I had one of those weird moments recently where I made an analogy between two things that I have never before analogized. Namely, multi-tasking operating systems and project planning. I will get back to that in a moment but first, I have a possible reason why weird analogies are popping in my head that I would like to spend a minute on.
The reason is Douglas Hofstadter. I have been a fan of Mr. Hofstadter's writings ever since I read Godel Escher Bach in college. It was required reading in the geek circles I moved in, in those days and it had quite an impact on me. I also greatly enjoyed Metamagical themas, Le Ton beau de Marot which is a rare kind of book. Deeply personal on one hand and totally fascinating to a typesetting and language geek like me on the other. I cannot think of any book to compare it too. I have no idea where I would put it on a book store shelf to properly classify it.
I have recently started to read I am a strange loop and it is dovetailing perfectly with other current reading material around the Buddhistic conceptualization of that tricky little word "I". The book is from 2007 and contains fascinating reflections to earlier writings and is just full of fantastic stuff. Highly recommended.
Anyway, analogies are a big part of Hofstadter's thinking around the mind and how thinking actually works. I think with analogies all the time. Many of them are nuts, but somehow even the crazy ones help me somehow. I don't know where this one lies on the crazy useful spectrum but here goes...
Modern computers do many things at the same time. It is called multi-tasking. Humans multi-task a lot too and some people are better at it than others. I read somewhere that women are better at it than men. I don't know if that is true or not. Some of the multi-tasking that goes in computing is behind the scenes and users of computer systems - be they end-users or developers - do not need to be conscious that it is going on.
For example, as I write this my machine is doing all sorts of multi-tasking behind the scenes while I just concentrate on words. The internet is chattering in the background, an army of non-maskable interrupt handlers keep grabbing CPU time to stop various buffers from over-flowing, and so on. However, if I choose to do so, I can fire up a plethora of chat windows, database reports, weather simulations and ftp downloads so that they all run at the same time and I (there is that word "I" again) multi-task between them with the help of the computer.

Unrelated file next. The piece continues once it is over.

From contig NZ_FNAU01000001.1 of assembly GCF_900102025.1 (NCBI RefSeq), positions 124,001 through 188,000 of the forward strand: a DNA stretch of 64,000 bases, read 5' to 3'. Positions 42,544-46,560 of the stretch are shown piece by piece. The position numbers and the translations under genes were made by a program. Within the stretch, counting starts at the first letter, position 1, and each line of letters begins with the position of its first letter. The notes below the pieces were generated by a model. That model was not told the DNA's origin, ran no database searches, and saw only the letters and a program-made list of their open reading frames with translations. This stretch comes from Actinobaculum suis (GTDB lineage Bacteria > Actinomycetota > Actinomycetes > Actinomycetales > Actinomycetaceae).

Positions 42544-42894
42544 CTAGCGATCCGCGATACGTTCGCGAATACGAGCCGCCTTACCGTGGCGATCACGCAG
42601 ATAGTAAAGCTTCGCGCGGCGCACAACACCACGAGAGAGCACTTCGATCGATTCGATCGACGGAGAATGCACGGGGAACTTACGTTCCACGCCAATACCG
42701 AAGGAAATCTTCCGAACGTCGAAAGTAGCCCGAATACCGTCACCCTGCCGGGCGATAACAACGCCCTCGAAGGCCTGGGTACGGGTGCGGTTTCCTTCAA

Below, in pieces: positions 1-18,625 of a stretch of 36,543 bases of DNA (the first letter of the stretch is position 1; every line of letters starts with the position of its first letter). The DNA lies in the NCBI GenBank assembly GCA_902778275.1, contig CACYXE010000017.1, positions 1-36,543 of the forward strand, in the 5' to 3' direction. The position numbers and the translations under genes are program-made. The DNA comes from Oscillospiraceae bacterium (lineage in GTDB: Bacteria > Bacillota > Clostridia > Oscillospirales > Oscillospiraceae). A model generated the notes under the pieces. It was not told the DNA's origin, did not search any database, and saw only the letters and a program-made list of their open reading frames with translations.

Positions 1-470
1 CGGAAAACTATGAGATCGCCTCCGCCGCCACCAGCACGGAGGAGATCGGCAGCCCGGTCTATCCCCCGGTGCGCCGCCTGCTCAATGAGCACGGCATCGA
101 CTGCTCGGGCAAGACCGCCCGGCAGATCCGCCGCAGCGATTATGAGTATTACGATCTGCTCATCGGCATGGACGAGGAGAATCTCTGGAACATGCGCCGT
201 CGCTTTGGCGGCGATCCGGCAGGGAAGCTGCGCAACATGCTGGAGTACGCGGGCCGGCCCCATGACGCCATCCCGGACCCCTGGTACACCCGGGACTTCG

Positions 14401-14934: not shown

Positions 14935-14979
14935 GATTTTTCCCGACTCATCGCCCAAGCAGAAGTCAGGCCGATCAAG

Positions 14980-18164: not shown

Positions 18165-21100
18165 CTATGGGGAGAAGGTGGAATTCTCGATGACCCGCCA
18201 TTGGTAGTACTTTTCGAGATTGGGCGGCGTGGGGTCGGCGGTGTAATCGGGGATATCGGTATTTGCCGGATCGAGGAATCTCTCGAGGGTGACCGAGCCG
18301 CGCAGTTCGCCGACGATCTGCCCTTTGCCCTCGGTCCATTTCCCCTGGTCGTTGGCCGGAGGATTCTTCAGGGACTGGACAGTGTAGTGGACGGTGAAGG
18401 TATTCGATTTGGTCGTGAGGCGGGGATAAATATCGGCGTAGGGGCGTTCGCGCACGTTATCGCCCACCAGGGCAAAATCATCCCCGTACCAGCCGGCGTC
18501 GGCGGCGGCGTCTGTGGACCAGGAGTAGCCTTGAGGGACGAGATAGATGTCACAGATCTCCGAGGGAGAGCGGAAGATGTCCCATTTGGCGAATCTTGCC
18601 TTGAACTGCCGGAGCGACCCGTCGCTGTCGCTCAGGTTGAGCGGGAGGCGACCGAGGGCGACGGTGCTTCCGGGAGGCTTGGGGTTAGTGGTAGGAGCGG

So now, let us try and create a task list and a gannt chart for what I am doing. I am doing N things all at the same time. Maybe 20% of my time on X, then 30% on Y and so on. I do that every day. It is not an isolated incident. IT teams all over the world do that every day. They operate like multi-tasking operating systems. I.e. I start my day on task X. I plan to just spend 1 hour on it because I have lots of other stuff to do. 30 minutes in to it I hit a blocker. I cannot proceed on task X because I am waiting on and e-mail or a trouble ticket or some such. I switch to task Y...and so it goes. We all carry around in our heads, our own multi-tasking scheduler and we decide what to "run" how long to spend running on each task, what priority to give each task, what task to jump to when the current task "blocks"...Gosh, my head runs Unix!
Ok. Lets imagine that that is true by analogy. Imagine now that you have been tasked with putting together a task list, with dependencies, priorities and workload for your operating system to work on next month. How would you do it?
I believe that most of us would would do that declaratively. That is, we would declare the tasks and dependencies the priorities, the workload and we would then let the multi-tasking algorithms in the operating system decide what gets worked on and when it gets worked on. We rely on the algorithms to be clever enough to re-schedule blocked tasks, dole out resources for maximum efficiency and so on. Most importantly, we get ourselves comfortable with the fact the order in which work is done is non-deterministic. The multi tasking algorithms change work schedules on the fly based on past and currently-happening events. We are comfortable that there is no real "ETA" we can have for any piece of work as a result of the non-determinism.
That all sounds reasonable to me but the disparity between what we deem sensible for computers to do when it comes to multi-tasking and what classical project planning says about task scheduling seems striking to me. How can I sensibly capture a picture of what I will be working on next week given that there are N tasks and M factors that will influence what tasks I actually work on and I won't know most of M until they actually happen?
This is often the reality inside software development projects in my experience. Perhaps more so in other activities because the developers have got great tools to implement multi-tasking. They are called operating systems! They can work on N things at the same time because the machines provide a lot of help in remembering the state of each individual task (for large values of N).
How would Henry advise us to do our planning and draw pictures of the state of play? I cannot picture it. I can see the multi-tasking algorithm but I have no idea how to create a useful picture it : either of what is happening now or what is planned to happen in the future.